Along with these three candidates, Metaculus had an explicit “should the Democrats replace Biden?” question:

These results are a bit weird - the YES bucket corresponds nicely to my 31% odds of Biden winning, but the NO bucket is higher than the odds for either Harris or Newsom, the two most plausible Biden replacements. Maybe this is because they are adding in some long tail of other possible replacements - or maybe they’re just wrong.

Manifold also asks how Democrats will do if they replace Biden (without specifying a particular replacement):

We can compare this to their Biden market…

…and find that once again, they expect replacing Biden to go better (though I think 51% is just cope).

At the Manifest prediction market conference in early June, I interviewed Nate Silver:

…and asked him for his probability that the Democrats would win this election, versus his probability that the Democrats would win conditional on Biden not being the nominee (specifically “drops dead tomorrow of natural causes”). He said 40-45% chance normally, 50% chance without Biden. This was before the debate, but I think it matches the markets’ opinion that switching candidates would help the Democrats’ chances - and this has only become more true since the debate.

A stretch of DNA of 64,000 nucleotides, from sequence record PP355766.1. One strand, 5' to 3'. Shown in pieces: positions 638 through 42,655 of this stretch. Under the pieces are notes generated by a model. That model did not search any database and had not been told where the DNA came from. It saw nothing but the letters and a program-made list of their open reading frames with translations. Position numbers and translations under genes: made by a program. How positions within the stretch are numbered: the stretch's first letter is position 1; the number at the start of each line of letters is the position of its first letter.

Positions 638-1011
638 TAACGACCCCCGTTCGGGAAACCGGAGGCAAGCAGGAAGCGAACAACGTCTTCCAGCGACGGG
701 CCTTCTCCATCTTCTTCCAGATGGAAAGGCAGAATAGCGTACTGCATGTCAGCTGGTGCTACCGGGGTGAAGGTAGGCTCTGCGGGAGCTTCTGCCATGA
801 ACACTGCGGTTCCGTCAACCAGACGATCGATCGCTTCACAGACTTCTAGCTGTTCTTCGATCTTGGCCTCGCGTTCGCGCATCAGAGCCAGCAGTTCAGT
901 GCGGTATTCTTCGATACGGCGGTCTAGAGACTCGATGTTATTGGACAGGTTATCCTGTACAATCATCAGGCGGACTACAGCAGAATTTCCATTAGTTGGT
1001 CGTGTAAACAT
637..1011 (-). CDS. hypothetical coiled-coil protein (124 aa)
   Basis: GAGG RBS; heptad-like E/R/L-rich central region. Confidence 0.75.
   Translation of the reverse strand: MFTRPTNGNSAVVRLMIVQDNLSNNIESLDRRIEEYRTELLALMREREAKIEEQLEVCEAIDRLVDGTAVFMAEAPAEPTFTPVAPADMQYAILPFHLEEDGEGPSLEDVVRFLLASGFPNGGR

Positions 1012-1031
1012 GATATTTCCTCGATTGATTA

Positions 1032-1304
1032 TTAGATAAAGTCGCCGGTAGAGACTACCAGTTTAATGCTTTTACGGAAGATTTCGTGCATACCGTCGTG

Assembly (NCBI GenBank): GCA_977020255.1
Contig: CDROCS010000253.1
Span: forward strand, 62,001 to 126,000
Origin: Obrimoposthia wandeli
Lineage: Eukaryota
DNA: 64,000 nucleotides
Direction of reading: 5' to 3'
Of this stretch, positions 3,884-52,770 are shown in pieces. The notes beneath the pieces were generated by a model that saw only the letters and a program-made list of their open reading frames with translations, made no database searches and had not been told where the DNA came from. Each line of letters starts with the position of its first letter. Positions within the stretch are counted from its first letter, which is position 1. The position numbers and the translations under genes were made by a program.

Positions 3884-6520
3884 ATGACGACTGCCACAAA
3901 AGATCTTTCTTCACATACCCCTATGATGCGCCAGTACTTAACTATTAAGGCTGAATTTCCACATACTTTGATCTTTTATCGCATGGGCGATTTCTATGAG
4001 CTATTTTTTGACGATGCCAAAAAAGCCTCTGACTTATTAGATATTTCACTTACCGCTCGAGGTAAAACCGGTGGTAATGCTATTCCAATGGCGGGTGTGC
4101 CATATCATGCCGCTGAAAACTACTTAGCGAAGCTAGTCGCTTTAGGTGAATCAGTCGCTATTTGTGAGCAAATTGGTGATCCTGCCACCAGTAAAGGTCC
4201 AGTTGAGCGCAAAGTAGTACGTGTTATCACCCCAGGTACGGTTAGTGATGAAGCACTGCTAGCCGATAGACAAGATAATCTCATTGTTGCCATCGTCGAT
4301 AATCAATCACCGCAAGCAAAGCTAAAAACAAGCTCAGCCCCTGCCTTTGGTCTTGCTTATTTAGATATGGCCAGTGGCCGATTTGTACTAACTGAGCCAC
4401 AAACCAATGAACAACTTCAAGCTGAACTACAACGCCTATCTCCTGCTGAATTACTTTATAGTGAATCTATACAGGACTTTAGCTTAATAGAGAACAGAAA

On the other hand, polls asking people how they would vote in possible matchups don’t show any advantage of alternate candidates over Biden. Here’s the only post-debate poll I could find:

And if Biden does need to be replaced, Democrats mostly support Harris, who the prediction markets find least promising:

Maybe Democrats are the wrong people to ask - they’re already going to vote Biden, so you want someone who’s more attractive to independents. Of course, in a normal primary it would be Democrats making the decision. But if elites are going to do something behind closed doors, maybe they should take advantage and choose the candidate most likely to win, for once.